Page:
Introducing Puerto San Julián
The perfect desolate-yet-charismatic locale for an art film, this small town bakes in bright light and dust, in stark contrast to the startling blue of the bay. Considered the cradle of Patagonian history, the port of San Julián was first landed in 1520 by Magellan, whose encounter with local Tehuelches provided the region’s mythical moniker. Viedma, Drake and Darwin followed. While its human history is proudly put forth, the landscape speaks of geologic revolutions, with its exposed, striated layers, rolling hills and golden cliffs.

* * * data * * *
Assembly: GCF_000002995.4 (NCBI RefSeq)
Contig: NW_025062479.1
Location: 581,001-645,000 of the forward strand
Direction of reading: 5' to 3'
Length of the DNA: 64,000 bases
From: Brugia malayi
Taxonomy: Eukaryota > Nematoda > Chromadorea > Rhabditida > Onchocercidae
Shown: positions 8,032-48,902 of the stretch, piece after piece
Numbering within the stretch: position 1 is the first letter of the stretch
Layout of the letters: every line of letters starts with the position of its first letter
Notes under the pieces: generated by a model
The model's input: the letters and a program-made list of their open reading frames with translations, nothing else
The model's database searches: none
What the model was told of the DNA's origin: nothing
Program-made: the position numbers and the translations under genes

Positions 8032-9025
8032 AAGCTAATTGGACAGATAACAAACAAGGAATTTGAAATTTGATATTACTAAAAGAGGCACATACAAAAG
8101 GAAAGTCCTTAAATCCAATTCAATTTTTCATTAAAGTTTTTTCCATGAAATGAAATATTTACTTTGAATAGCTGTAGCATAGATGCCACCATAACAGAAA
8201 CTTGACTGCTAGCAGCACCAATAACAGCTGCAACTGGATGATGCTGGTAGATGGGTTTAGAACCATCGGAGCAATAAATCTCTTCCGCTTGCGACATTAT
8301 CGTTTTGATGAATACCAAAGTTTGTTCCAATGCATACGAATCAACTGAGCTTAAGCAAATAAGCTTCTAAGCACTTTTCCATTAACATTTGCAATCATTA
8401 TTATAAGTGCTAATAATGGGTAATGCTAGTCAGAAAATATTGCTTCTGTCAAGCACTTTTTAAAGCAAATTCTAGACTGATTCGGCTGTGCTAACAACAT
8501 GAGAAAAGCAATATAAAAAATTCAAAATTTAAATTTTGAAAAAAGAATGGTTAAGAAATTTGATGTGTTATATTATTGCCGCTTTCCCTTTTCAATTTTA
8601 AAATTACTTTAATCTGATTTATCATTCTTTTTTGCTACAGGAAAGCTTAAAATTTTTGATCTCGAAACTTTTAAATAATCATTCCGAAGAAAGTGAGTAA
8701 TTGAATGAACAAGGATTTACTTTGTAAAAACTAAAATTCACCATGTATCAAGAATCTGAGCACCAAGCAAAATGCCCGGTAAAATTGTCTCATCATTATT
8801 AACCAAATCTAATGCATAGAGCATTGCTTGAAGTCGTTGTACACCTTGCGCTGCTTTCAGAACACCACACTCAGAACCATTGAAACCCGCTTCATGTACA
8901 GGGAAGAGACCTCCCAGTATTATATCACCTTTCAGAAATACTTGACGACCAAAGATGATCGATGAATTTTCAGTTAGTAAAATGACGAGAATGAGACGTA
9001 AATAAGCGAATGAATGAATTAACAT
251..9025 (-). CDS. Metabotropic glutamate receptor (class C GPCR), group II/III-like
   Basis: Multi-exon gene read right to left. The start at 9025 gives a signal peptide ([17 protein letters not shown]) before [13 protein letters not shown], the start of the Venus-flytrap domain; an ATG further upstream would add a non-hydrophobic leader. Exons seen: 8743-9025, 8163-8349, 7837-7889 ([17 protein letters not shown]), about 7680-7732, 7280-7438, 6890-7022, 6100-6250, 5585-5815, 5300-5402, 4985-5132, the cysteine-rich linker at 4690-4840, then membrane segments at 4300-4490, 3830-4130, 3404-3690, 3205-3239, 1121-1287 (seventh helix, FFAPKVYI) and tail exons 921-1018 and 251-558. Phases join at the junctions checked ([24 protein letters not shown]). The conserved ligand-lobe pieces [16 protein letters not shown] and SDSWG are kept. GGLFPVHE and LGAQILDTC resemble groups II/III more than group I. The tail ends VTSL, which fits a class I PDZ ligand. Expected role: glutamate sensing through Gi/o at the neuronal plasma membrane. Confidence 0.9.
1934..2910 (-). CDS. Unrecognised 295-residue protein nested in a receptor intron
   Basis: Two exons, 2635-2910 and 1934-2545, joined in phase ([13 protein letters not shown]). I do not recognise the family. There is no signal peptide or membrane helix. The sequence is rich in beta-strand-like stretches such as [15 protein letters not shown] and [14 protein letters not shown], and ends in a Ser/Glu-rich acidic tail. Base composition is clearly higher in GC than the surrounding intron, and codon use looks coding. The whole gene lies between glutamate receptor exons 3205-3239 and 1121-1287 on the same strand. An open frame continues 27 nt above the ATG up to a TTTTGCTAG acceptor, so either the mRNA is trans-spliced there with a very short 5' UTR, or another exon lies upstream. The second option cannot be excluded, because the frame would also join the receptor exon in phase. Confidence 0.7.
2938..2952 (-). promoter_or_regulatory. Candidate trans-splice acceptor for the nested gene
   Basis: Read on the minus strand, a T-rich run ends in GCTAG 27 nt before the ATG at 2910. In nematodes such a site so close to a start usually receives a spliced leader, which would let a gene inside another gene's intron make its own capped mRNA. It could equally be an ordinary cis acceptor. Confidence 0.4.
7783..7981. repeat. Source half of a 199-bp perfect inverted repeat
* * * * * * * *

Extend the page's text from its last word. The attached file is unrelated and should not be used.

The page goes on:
Puerto San Julián’s first non-native settlers came from the Falkland Islands (Islas Malvinas) with the late-19th-century wool boom. Scots followed with the San Julián Sheep Farming Company, which became the region’s primary economic force for nearly a century. Recent growth has the city developing like never before with mining and seafood-processing industries; there’s also a local university. For travelers, it is a relaxed and welcoming stop, as well as a great place to see Commerson’s dolphins.